The many challenges of growing in northern Louisiana
It’s not easy being a peach grower in Louisiana nowadays. A once-thriving industry has taken some hits in recent decades, but Joe Mitcham has continually found ways to succeed.
Bad weather, bad markets and more have plagued the state’s peach orchards in the last 30 years. However, Mitcham’s farm in Ruston is still the place to go if you want a great peach. He thrives by confronting each new challenge and finding a way to address it. He’s a one-man lesson in problem solving, and as a result, his large, yellow fruit is so much in demand at the retail level that he can’t grow the volume to fill the orders.
Ruston is in the northern half of Louisiana, where most of the state’s peaches are grown. Mitcham has about 100 acres of trees, and he’s the largest grower in the state. His father, J.E. Mitcham, started the orchard in 1947 as a part-time enterprise, and at its peak there were some 300 acres of trees. The climate is the same as that along the I-20 corridor that leads to the famous Georgia peaches, and Lincoln Parish, where the farm lies, can produce a prime-eating, yellow peach.
The primary factor in the peach decline in Louisiana in the past, Mitcham says, were years of freeze starting in the 1970s and continuing through the 1990s. As crops were hit during the bloom period, and production was wiped out completely in some years, a few growers quit farming, and some growers’ acreage declined as they failed to replace failing trees for economic reasons. Mitcham was hit hard, because other than pine forests, peaches were his only source of income. It became difficult to replace trees and invest the other inputs when he didn’t get a crop some years.
In 2000, Mitcham purchased some wind machines. It was a big investment, at $16,000 apiece, but he now has 11 machines that each provide freeze protection for about 10 acres of trees. This has given his orchard new life.
“We have not lost a crop to freeze since then,” Mitcham says. He has learned how to best utilize the machines, and they have protected his blooming trees down to 26 degrees. He finds that he can maintain the air in the orchard at about 5 degrees above the ambient temperature if he turns the wind machines on when the air temperature reaches about 35 to 38 degrees. That usually is about 11 p.m. It costs him approximately $400 per hour to run the machines on propane fuel, but it gives him a crop to harvest.
Another challenge for Mitcham Farms is maintaining quality. Because he sells his crop locally, flavor is the focus of his growing season. “If it doesn’t taste good, why grow it and sell it?” he asks. Even more than color, his customers keep coming back year after year for a fine eating peach.
The first factor in getting great flavor is in variety selection. Mitcham grows primarily yellow peaches, though he does have a few white peach and plum trees, and over the years he has experimented with different varieties. In 1990, he planted 85 acres in about 35 varieties to see which would give him the peaches he wanted.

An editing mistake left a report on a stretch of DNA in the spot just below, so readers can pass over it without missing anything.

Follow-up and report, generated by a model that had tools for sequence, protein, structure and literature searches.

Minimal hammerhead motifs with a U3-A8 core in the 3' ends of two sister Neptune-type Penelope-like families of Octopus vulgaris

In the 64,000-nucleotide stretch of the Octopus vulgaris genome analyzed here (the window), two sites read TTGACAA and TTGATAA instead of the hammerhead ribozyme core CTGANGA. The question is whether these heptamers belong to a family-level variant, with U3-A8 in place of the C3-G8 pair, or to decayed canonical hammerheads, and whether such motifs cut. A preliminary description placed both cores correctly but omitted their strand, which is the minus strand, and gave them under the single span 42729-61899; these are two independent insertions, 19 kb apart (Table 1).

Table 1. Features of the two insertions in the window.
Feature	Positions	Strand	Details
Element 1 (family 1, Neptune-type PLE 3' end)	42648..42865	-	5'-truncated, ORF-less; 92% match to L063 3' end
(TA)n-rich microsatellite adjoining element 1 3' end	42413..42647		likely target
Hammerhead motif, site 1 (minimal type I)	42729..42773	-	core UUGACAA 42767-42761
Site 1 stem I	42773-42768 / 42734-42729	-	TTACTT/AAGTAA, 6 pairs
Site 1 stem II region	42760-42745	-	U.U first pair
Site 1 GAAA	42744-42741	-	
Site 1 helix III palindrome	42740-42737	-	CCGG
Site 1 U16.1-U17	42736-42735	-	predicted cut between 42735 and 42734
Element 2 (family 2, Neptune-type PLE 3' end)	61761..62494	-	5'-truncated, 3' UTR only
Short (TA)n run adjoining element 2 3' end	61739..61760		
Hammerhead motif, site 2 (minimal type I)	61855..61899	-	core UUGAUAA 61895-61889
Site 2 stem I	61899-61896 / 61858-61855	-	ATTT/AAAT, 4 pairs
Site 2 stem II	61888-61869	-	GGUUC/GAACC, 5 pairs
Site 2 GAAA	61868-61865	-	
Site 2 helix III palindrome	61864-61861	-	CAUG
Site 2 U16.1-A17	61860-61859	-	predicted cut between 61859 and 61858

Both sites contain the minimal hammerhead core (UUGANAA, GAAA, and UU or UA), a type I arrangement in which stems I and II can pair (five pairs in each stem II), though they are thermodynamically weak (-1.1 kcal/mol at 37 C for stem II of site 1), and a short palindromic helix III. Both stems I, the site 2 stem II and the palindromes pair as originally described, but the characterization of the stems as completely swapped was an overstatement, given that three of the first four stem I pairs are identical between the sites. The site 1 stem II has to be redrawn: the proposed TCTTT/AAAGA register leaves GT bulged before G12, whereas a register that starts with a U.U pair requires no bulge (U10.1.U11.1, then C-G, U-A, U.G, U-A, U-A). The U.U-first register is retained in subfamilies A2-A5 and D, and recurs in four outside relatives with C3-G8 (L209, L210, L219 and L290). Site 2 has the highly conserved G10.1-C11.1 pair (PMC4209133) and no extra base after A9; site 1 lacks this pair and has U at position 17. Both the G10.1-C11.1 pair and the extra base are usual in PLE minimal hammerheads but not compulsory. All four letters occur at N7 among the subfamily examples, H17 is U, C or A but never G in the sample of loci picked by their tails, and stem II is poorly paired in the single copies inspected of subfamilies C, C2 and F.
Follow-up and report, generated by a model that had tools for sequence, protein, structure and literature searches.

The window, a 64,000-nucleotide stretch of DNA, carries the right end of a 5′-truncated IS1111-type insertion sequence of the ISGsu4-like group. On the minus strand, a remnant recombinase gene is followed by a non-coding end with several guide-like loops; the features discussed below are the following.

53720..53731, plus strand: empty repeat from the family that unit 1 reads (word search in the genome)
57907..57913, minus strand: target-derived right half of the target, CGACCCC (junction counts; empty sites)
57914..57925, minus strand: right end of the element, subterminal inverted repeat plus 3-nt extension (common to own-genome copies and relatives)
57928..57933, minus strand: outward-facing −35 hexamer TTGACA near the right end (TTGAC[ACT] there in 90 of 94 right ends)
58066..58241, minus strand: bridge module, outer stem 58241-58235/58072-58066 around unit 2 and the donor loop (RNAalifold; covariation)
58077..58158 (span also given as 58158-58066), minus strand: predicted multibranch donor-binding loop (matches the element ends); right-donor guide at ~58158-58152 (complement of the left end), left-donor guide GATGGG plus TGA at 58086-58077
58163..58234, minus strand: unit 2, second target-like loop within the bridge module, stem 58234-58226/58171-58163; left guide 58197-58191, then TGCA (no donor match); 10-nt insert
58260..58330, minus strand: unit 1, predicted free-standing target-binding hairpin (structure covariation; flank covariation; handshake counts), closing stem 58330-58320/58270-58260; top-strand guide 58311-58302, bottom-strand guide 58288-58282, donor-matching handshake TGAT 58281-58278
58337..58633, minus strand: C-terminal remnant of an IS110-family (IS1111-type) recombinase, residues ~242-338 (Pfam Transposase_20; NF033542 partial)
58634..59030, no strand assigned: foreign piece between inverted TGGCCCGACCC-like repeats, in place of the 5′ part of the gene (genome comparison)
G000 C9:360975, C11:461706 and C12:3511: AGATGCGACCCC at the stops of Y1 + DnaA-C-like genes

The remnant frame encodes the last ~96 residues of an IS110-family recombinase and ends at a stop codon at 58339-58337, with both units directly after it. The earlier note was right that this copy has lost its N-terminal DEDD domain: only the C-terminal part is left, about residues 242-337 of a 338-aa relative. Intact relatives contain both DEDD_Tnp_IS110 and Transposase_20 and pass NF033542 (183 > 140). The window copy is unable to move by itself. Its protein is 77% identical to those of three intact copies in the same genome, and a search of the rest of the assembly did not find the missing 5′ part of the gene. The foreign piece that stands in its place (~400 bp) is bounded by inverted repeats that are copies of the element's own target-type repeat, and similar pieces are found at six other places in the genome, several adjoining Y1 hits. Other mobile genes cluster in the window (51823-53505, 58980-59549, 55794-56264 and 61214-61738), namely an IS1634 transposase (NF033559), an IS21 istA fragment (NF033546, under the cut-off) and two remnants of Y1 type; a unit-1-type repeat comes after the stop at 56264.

It’s important to find good varieties, because it takes three years or so to be able to judge whether the tree will thrive and give him a large, tasty peach that he will be able to sell in his retail program. Many varieties that do well in other states don’t do well here, and certainly won’t give him the 1-pound, delicious peach he aims for at the height of the season. From his original 35 varieties he still has 28 that suit him.
Some of those varieties are traditional; some are from a Louisiana State University peach-breeding program. Some are early, some midseason, some late. All are selected because they provide peak flavor during his May 20 to August 1 harvest period. His best varieties over that period are Flavor Crest, Harvester, Bounty, Majestic, Red Globe and Ruston Red. He considers the Red Globe to be the best overall for his area.
The other factor in growing for flavor is plant nutrition. Mitcham has found that some of the standard fertilizers, like ammonium sulfate, are not the best for his soils and crop. He prefers calcium nitrate and lime. It’s a more expensive program, but it gives him the premium crop he wants. He applies this granular fertilizer on March 1 and September 1.
Although irrigation might not seem to be much needed in this rainy state (thankfully, the farm is 300 miles from the Gulf of Mexico and major hurricane damage), Mitcham points out that gaps in the summer rains may leave his trees stressed.
He, like his father before him, utilizes drip irrigation. It gives him a means of adding water during those June-July dry spells, when uniform irrigation results in good fruit size. He makes sure he uses the drip even during dormancy so that feeder roots are established in those wet zones.
What this attention to detail has led to is a thriving market for his peaches. He long ago found that he could not compete with major peach-growing regions in the wholesale market, so he sells 100 percent of his crop retail now. It all started when a local banker approached him and his father to make up some gift boxes for bank clients; then a trucking company wanted some, and a pharmaceutical company.